Over the last six years, District 5 schools have taken on more than their share of challenges. The schools are located in some of Oklahoma City’s poorest neighborhoods, and a high majority of its students qualify for free or reduced breakfasts and lunches. The elementary schools hold some of the district’s highest student mobility rates, which refers to the frequency of students leaving a school. A majority of the schools post fewer hours of parent and patron volunteerism than other district schools. School counselors split their time amongst the elementary schools to meet students’ needs since they lack a full-time counselor dedicated to their school.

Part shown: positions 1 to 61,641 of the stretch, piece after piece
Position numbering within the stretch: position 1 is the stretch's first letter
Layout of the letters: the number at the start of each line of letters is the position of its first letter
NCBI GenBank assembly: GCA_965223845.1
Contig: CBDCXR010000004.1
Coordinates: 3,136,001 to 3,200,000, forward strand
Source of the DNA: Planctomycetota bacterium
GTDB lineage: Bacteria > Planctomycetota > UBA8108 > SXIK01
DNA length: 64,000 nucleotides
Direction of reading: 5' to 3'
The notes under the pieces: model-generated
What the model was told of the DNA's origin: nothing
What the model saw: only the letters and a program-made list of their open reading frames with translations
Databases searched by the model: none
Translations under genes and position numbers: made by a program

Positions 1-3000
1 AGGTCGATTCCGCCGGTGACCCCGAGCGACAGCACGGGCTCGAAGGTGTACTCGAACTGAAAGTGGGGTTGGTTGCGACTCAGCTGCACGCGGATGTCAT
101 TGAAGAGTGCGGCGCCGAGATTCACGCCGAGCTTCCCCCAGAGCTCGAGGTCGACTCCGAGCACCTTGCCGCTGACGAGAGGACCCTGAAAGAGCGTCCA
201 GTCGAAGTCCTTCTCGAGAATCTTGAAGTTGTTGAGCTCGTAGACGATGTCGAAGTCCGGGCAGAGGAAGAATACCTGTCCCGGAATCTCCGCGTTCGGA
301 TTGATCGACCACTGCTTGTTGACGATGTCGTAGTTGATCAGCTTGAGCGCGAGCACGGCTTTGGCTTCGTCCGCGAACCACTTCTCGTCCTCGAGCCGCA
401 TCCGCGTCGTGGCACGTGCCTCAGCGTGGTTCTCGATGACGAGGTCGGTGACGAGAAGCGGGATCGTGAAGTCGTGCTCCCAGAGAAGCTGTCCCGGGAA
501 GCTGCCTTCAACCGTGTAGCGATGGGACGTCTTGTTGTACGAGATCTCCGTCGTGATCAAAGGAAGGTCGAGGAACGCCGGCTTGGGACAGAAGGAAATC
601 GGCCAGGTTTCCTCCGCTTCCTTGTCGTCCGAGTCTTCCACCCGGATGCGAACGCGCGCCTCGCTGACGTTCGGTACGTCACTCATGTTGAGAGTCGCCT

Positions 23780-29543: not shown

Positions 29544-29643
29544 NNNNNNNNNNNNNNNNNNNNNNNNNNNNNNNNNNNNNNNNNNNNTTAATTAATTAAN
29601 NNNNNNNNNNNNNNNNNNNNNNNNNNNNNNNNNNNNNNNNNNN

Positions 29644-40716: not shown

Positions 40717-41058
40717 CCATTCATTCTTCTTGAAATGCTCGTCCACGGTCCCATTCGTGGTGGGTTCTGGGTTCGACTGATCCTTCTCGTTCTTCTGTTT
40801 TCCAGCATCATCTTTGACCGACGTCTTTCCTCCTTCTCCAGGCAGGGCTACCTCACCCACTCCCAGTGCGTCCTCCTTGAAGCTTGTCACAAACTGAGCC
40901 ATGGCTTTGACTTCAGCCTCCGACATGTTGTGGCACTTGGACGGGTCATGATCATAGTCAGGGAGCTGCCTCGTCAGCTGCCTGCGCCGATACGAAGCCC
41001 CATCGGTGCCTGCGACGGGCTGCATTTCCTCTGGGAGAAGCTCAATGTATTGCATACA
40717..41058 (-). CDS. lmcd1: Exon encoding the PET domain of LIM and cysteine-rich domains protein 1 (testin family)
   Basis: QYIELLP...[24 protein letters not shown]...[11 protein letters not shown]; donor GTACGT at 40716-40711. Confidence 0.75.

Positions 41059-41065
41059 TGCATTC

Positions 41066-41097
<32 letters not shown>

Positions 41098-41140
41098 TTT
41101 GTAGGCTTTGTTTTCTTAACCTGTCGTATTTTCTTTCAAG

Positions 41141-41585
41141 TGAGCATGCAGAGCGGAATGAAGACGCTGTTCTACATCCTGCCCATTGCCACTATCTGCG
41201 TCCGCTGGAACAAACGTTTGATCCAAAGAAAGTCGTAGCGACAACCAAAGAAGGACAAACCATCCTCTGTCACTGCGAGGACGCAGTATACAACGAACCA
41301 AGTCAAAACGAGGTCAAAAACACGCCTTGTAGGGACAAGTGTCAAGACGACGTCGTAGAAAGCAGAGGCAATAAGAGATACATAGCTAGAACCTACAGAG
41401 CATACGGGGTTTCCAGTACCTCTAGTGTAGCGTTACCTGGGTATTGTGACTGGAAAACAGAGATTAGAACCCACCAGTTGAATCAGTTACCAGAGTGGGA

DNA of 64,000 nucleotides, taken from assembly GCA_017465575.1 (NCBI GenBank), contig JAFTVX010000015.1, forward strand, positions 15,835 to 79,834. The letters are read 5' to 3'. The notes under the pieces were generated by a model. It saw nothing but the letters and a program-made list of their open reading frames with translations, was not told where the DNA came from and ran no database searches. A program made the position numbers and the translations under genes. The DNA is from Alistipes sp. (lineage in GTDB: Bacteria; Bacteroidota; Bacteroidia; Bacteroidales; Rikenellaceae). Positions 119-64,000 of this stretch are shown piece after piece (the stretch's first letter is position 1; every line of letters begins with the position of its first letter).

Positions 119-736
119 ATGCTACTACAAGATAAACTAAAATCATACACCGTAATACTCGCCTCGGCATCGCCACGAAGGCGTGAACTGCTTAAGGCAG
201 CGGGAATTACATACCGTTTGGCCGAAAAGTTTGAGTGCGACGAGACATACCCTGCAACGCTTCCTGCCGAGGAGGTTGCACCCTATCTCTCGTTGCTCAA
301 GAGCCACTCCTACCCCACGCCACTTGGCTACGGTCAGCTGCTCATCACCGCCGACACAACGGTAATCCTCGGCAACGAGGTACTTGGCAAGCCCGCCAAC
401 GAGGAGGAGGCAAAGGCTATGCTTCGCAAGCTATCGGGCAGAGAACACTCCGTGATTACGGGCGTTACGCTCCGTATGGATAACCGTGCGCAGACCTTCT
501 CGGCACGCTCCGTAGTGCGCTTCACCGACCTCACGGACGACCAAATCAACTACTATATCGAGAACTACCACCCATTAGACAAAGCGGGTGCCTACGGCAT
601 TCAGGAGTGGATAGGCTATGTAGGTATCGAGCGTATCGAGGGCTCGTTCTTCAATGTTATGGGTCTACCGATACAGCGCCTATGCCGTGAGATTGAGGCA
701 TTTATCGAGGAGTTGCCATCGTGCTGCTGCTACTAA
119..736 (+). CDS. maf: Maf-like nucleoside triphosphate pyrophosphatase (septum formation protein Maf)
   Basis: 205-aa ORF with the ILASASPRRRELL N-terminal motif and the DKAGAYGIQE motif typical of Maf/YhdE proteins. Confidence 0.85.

District 5 students score below the state average in math, reading, science, social studies and writing proficiency.

“Here we are now in 2016,” Veales said. “We are moving close to 20 years with the same results in this district. That is alarming to me.”

New creation

Oklahoma City Public Schools (OKCPS) is pivoting in a new direction, mostly due to the impetus of Aurora Lora, who became the district superintendent in July. Often, Lora touches on her own experience graduating from a low-performing El Paso, Texas, high school when describing her perseverance to improve educational outcomes in schools deemed chronically failing. Before she was named to the superintendent post, Lora served two years as OKCPS’ associate superintendent, overseeing curriculum and monitoring student achievement.